Please ensure you wear loose trousers during the treatment to allow the Practitioner to work the whole leg up to the knee.

Gabriela Slater


Maternity Reflexology

Maternity Reflexology aims to optimise the physical and emotional health of pregnant women and to also allow you time away from a busy life, to focus purely on yourself and the growing baby.

First Trimester

The first trimester is a time when there are huge changes in hormone levels as well as anxieties and concerns about the changes that are going to happen. These factors may leave you feeling delighted, anxious, exhilarated, weepy and exhausted – sometimes all at once. The aim of Reflexology during this trimester is to relax, de-stress and offer support.

Second and Third Trimester

Research has shown that regular Reflexology treatments during pregnancy can significantly reduce pain during labour, reduce the length of the first stage of labour and improve the quality of sleep in post-natal women.In the second and third trimester, most of the discomforts of early pregnancy have gone. However, as the baby grows you may begin to experience other physical symptoms. Your stress levels may also rise as the birth becomes more imminent. Reflexology can be used for general well-being or to address other health issues such as sleeping problems should they arise.

Preparation for Labour

As your due date approaches, you may find it useful to visit a Reflexologist more frequently. Although there is no evidence that reflexology can induce labour, the general view is that it will help support the body to prepare for labour and promote relaxation at a time when anxiety levels are often high.


Two recent studies have shown that reflexology during pregnancy significantly reduced pain during labour (1), reduced the length of the first stage of labour (1) and improved the quality of sleep in post-natal women (2).

  1. Valiani M. et al (2010) Reviewing the effect of Reflexology on pain and outcomes of the labour primiparous women. Iranian Journal of Nursing and Midwifery Research 15(Dec) p.301-310
  2. Li C-Y et al (2011) Randomised controlled trial of the effectiveness of using foot reflexology to improve quality of sleep amongst post partum women. Midwifery 27. P. 181-186

Gabriela Slater


Reproductive Reflexology

Reproductive Reflexology is for women at any stage in their fertility planning, whether they are enhancing their general health before trying for a baby, experiencing problems with conception or require help and guidance during pregnancy. Treatments are also offered for couples undergoing assisted fertility treatments such as IUI and IVF/ICSI.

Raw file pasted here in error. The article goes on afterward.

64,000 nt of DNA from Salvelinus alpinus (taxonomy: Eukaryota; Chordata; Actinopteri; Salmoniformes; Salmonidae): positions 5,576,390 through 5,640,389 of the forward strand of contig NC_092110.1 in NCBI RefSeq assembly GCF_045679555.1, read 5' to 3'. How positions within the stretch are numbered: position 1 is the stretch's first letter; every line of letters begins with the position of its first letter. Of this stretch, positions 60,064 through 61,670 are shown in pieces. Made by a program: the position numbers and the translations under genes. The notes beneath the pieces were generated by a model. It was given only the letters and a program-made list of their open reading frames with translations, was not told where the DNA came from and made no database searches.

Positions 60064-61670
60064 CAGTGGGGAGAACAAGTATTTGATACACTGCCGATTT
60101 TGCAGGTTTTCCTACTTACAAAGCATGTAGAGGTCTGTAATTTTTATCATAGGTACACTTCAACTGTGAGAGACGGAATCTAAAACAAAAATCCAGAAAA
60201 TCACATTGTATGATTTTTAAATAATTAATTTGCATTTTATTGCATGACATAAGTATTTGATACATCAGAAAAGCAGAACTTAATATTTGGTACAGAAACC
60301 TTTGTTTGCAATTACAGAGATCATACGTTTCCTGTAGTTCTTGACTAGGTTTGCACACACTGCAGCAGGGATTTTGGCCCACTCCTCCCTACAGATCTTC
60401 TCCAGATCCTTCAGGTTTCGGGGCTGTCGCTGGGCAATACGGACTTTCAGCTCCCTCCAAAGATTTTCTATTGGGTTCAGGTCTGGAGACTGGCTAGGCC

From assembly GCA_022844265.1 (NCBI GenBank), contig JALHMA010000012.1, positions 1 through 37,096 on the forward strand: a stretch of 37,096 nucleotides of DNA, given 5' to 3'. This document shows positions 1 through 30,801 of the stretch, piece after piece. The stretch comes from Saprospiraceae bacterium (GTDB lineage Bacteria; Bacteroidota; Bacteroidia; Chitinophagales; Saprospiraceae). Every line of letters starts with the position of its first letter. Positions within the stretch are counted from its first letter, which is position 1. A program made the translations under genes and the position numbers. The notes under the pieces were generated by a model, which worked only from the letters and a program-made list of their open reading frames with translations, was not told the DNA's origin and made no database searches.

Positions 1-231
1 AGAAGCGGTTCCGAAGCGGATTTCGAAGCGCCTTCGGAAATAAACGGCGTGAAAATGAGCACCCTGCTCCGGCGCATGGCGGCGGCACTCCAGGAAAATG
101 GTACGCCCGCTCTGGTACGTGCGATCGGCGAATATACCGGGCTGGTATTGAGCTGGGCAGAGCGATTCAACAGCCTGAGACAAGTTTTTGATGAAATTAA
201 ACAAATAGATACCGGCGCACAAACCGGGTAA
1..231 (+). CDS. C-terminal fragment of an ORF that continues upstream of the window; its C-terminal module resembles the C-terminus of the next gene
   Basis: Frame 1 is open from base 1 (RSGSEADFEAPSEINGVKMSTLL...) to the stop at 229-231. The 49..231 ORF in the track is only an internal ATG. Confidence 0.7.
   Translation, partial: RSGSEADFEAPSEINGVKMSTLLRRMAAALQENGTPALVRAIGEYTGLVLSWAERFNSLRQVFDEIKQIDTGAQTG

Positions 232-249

Here are some interesting facts about fertility:

After pregnancy, infertility is the most common reason for women aged 20 to 45 to visit their GP ♦ 1 in 6 couples in the UK experience difficulties conceiving, that’s about 3.5m people ♦ Over 60,000 cycles of IVF are performed in the UK each year – yet fewer than 25% of these are successful ♦ The majority of fertility treatment in the UK has to be paid for privately as NHS provision varies depending on your postcode ♦ In over 40% of instances of infertility, the causes are unexplained ♦ Fertility declines with age – and that applies to men as well as women.

Stress and Fertility

Reflexology can help remove blockages in the flow of your natural energy and through Reflexology you can experience a deep sense of physical and emotional relaxation, improved mood and increased wellbeing. Stress is anything which has an impact on your body; it can be physical or emotional in origin. It is a very significant factor with fertility, its causes are limitless and the impact on the body very widespread. When you’re suffering from chronic (on going) stress, the body increases the production of stress hormones such as adrenaline and cortisol and at the same time slows the production of reproductive hormones, making it difficult to conceive.

Reflexology can help to combat how stress affects your body by bringing it back to its natural state of homeostasis. Your body then has the strength and focus to do what it does naturally. Reflexology provides deep relaxation and the release of tension in the body. When your body is stress free and relaxed it is better able to regulate your menstrual cycle including how often you are ovulating.

Reproductive Reflexology Treatments

Every client is an individual and this is taken into consideration when designing a treatment plan to meet your needs.

At your first consultation the Practitioner will take a detailed medical history, including information on any mainstream fertility treatment being undertaken, medication, details of your diet and life-style. This information will then be used to design a treatment plan.

As a Reflexologist and Nutritional Therapist Gabriela offers clients a course of Reproductive Reflexology treatments, with dietary changes and appropriate supplements.

The Practitioner uses temperature charting to find out more information about your menstrual cycle and asks clients to start recording this before the first consultation.

Gabriela Slater